yourself for a day and you feel lonely, will YOU be welcome at this play
group? What if you had a toddler AND a baby, would you be allowed to
bring the baby? Is it really so odd that this woman might want to hang
out with other moms she knows even though her older child is with
How about you have some compassion for a woman who is supposedly your
friend? Maybe she misses her toddler and would love to play games with
yours. Maybe she's overwhelmed with a new baby and needs some friendly
support. Maybe she liked YOU and wants to be friends.
You're not in high school anymore. Why set such weird cliquey limits to
Is it really a big deal to let her come with just her baby? It
seems like it might be nice to have an ''extra'' adult around
without a toddler to worry about. If it really is just the fact
that her toddler isn't with her, I think it would be nice to let
her attend. If there are other issues (personality conficts)
then that is a different story) I am sure with a new baby she
would really enjoy the company and she just might feel more
comfortable with some people she already knows vs. finding a new
the more the merrier
My son and I have been going to a playgroup with the same
members since he was about 4 months old -- now he's 3, and so
are the rest of the kids. Lately, it seems fewer and fewer
people show up. I'm disappointed because I kind of schedule my
son's and my week around it. Like most of the others in the
group, I now have a second child and am busier than ever. I'm
the coordinator this month, and beginning to feel like a
frustrated and pathetic ''cruise director'' who's trying to rally
everyone to show up with email reminders that go unresponded to.
It bums me out that my son's playmates aren't available much
anymore. Is this a natural thing, once kids start preschool
their moms just sort of drift apart? It's so much work for me to
drag both of my kids to playgroup when only one or two other
moms show up... am I expecting too much of others? It seems they
like the group to be there when they need it on a drop-in basis,
but they can sort of take it or leave it. Maybe I'm too loyal?
Our playgroup has completely fizzled out. I keep in contact with a few of the
but the group sort of died right around the time our kids were 4. We moved, we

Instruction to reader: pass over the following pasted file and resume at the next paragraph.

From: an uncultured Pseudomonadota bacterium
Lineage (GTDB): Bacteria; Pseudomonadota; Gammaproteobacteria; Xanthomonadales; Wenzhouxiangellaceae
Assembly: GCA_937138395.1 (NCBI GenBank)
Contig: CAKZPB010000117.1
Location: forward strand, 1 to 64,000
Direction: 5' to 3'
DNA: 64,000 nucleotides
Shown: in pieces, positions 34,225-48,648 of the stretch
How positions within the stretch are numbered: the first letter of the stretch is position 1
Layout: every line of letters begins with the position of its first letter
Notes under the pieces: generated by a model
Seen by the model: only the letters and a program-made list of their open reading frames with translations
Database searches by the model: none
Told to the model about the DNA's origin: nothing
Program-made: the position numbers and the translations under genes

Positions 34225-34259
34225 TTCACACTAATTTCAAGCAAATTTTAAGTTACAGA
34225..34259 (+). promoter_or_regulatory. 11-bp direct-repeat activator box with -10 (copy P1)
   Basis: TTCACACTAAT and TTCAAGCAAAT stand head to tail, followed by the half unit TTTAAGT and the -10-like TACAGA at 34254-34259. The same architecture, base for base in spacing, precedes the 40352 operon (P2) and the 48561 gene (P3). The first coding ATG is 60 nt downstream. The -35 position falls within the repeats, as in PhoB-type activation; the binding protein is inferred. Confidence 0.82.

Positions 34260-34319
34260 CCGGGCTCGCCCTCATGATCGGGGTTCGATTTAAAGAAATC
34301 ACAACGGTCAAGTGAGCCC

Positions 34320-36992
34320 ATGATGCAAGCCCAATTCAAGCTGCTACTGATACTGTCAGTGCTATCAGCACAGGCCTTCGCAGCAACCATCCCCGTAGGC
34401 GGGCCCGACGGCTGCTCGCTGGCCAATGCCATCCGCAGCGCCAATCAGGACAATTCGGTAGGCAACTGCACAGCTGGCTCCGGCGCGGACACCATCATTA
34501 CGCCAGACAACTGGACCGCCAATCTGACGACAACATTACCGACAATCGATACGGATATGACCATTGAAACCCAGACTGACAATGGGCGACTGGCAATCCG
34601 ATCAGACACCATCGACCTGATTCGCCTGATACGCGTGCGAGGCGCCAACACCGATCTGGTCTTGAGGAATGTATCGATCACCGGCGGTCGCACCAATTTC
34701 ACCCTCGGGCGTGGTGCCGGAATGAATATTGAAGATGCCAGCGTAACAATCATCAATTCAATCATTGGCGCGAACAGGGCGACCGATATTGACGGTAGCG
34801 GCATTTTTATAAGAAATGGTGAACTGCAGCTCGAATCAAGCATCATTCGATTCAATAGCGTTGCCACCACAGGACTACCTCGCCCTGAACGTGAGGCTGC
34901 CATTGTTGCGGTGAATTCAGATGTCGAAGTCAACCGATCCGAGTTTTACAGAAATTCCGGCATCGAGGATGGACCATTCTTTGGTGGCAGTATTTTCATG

different preschools with different schedules, etc. I was the first one to move
from the area and was gone fr 2 years, so it was hard readjusting at all when we
back, but did see people a few times. I think this must be what happens. I think
normal to stay in contact with people who live close to you or who you have
common other than your child's age.
no longer in a playgroup
Playgroups do fizzle out or, you could look at it in a positive
way, they change. My daughter's playgroup started when she was
three months old and we aggressively recruited lots of new kids
and moms (it actually started more as a moms group) and, at one
point, had more than twenty moms on the list. People move,
schedules change, we go back to work, and, yes, new siblings
happen and folks get overwhelmed and schedules don't mesh. But,
if you start out w/ a big group and add folks as you go along you
can keep a playgroup going for a long time. Maybe you have to
have a more flexible schedule for the playgroup. Maybe you will
only be able to meet once a month (but that probably wont work
and the group will fall off of the radar especially for the busy
My daughter turns six today and this is the year that most of the
kids started kindergarten (some did so last year) and that pretty
much killed our playgroup. It's very sad but no one has the time
now. It's just amazing that we were able to meet for as long as
we did and as regularly as we did even if it was sometimes just
two or three moms and kids
My oldest just started preschool this fall, and yes, my experience has been that
playgroup has fizzled. I, too, put forth serious effort to try to keep it going,
there's only so much one person can do to rally a group of busy and disinterested
moms. And I get the busy part, I have two kids, we have busy lives; but I still
social outlet and friendships and I don't understand why it's so hard to find
people with the same desires. Especially, when the people in the group seem to
each other so much.
I've always had great friends in my life up to the point where I had children.
have found being a SAHM to be incredibly isolating. More so, because our family
very traditional, with me at home full-time and dad at work, 60+ hours a week. A
lot of people in the area seem to have flexible arrangements with both parents
home part of the week. I honestly am the only person I know who doesn't have at
least a part-time job outside the house and a spouse that is home at least some
the weekdays. I think my need for social interaction is greater than the other
know, and I just have more time that needs outlets.
I guess I don't have advice, but I can emphathize. I try really hard to focus on
good friendships I do have in my life, even if they are not with other
moms, or even other moms. It can be rough, and I don't feel like my social
interactions are adequate or ideal, but I just try to be as genuine and friendly
everyone I know in the hopes that this will forge lasting connections where they
meant to be.
Boy do I hear you! I started a playgroup when the kids were all
about 6 months old. Now, everyone is 3+ and I have to cancel
most events because no one attends besides us. It is extremely
frustrating, and rude, I think, to plan these events and have
folks use it as a placeholder until something else comes along.
I have single handedly planned every event since my groups
inception and no one understands the time that alone takes. Our
events use to be moments you planned your week around, and now
folks don't care. I think now that the kids are older, people
aren't as interested, which is a shame if you ask me
fizzled and frustrated
this page was last updated: Nov 13, 2013